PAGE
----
SEC approves Nasdaq’s relaxed pricing limits for primary direct listings
The SEC approved rule changes relaxing price range limitations for primary direct listings on Nasdaq. Prior to this change, the rules required that the opening auction price be within the price range disclosed in the company’s effective registration statement. The modified rule allows the opening auction to proceed at a price up to either 20% below or 80% above the disclosed price range subject to specified conditions.
On December 2, 2022, the SEC approved Nasdaq’s proposed rule changes relaxing price range limitations for direct listings with a capital raise. The existing rule requires that the opening auction price be within the price range disclosed in the company’s effective registration statement. The modified rule allows the opening auction to proceed at a price up to either 20% below or 80% above the disclosed price range, subject to specified conditions. The SEC approved the rule changes after several amendments that addressed disclosure and related concerns and added certain procedural protections. The New York Stock Exchange has filed a similar rule change proposal but has only sought approval for pricing up to 20% below or 20% above (as opposed to 80% above) the disclosed price range.
There has not been a primary direct listing to date on either Nasdaq or the New York Stock Exchange. While the Nasdaq rule change removes one obstacle to primary direct listings, other hurdles remain, including the absence of no-action relief under Regulation M similar to, but appropriately modified from, the relief obtained for secondary direct listings for primary direct listings with a secondary component, as well as the inability to change the number of primary shares to be offered absent the filing of a post-effective amendment with the SEC. Even so, these are welcome rule changes that we believe will make direct listings with a primary offering a more viable alternative to traditional underwritten IPOs.
Pricing flexibility for primary direct listings
Nasdaq’s Listing Rule IM-5315-2 permits direct listings with a capital raise on the Nasdaq Global Select Market subject to certain conditions as discussed in our May 2021 client update. The existing rule requires that the listing company disclose a price range and the number of shares to be sold in the SEC registration statement for a primary direct listing, and that the opening auction price be within the price range disclosed in the company’s effective registration statement. As a result, a company participating in a primary direct listing on Nasdaq would not have the ability to open trading at a price below the bottom end of the price range or above the top end of the price range without filing an amendment to the registration statement, unlike a traditional IPO where such changes would be possible within existing safe harbors. This means that if the actual price were to fall outside the disclosed price range, under the existing rule Nasdaq would delay the offering, which would in turn expose the listing company to market risk. The modified rule allows the opening auction to proceed at a price up to either 20% below or 80% above the disclosed price range if specified conditions are met. These percentage thresholds are calculated based on the high end of the price range in the registration statement at the time of effectiveness.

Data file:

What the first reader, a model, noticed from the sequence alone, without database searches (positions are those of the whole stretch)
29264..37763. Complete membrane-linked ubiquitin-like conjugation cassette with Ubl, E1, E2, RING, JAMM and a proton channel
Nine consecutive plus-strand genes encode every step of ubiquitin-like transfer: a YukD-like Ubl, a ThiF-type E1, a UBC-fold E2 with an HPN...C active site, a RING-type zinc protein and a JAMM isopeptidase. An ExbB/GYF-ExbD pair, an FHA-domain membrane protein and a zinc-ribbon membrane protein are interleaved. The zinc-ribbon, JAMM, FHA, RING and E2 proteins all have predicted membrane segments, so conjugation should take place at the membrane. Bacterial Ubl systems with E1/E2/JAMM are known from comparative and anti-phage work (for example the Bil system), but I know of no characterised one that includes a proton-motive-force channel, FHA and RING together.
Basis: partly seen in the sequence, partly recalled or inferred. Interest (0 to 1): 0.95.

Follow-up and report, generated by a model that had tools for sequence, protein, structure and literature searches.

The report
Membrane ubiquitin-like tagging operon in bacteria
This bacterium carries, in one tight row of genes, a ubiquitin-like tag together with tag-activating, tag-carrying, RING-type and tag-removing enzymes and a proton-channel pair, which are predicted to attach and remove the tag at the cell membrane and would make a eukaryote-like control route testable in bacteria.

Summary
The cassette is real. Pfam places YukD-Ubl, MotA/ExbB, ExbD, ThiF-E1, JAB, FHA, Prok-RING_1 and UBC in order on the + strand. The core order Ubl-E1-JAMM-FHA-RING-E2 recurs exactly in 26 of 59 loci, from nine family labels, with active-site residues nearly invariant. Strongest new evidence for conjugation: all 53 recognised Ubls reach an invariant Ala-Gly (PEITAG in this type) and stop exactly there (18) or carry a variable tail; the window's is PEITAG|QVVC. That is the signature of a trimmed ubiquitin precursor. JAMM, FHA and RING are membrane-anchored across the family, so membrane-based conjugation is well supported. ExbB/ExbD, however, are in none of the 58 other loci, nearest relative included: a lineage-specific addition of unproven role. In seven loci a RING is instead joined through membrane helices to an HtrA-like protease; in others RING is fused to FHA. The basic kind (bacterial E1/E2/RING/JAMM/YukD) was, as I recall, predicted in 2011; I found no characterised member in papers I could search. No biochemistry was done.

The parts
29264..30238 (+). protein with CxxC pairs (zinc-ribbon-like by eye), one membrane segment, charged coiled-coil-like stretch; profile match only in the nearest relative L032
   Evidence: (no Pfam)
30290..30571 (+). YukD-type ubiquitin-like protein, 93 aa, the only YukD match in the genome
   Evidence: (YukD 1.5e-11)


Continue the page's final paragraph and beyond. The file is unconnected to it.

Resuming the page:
Disclosure, certification and post-pricing conditions
The modified rule includes additional requirements where the execution price would be outside the disclosed price range, as discussed below:
- Sensitivity analysis. A listing company must include a sensitivity analysis in the registration statement to address how the company’s use of proceeds would change if the actual proceeds from the offering are less than or exceed the amount assumed in the disclosed price range.
- Nasdaq certification. A listing company must certify to Nasdaq that the registration statement contains the required sensitivity analysis discussed above. The company is also required to publicly disclose and certify to Nasdaq that the company does not expect the offering price to materially change its previous disclosure in its effective registration statement.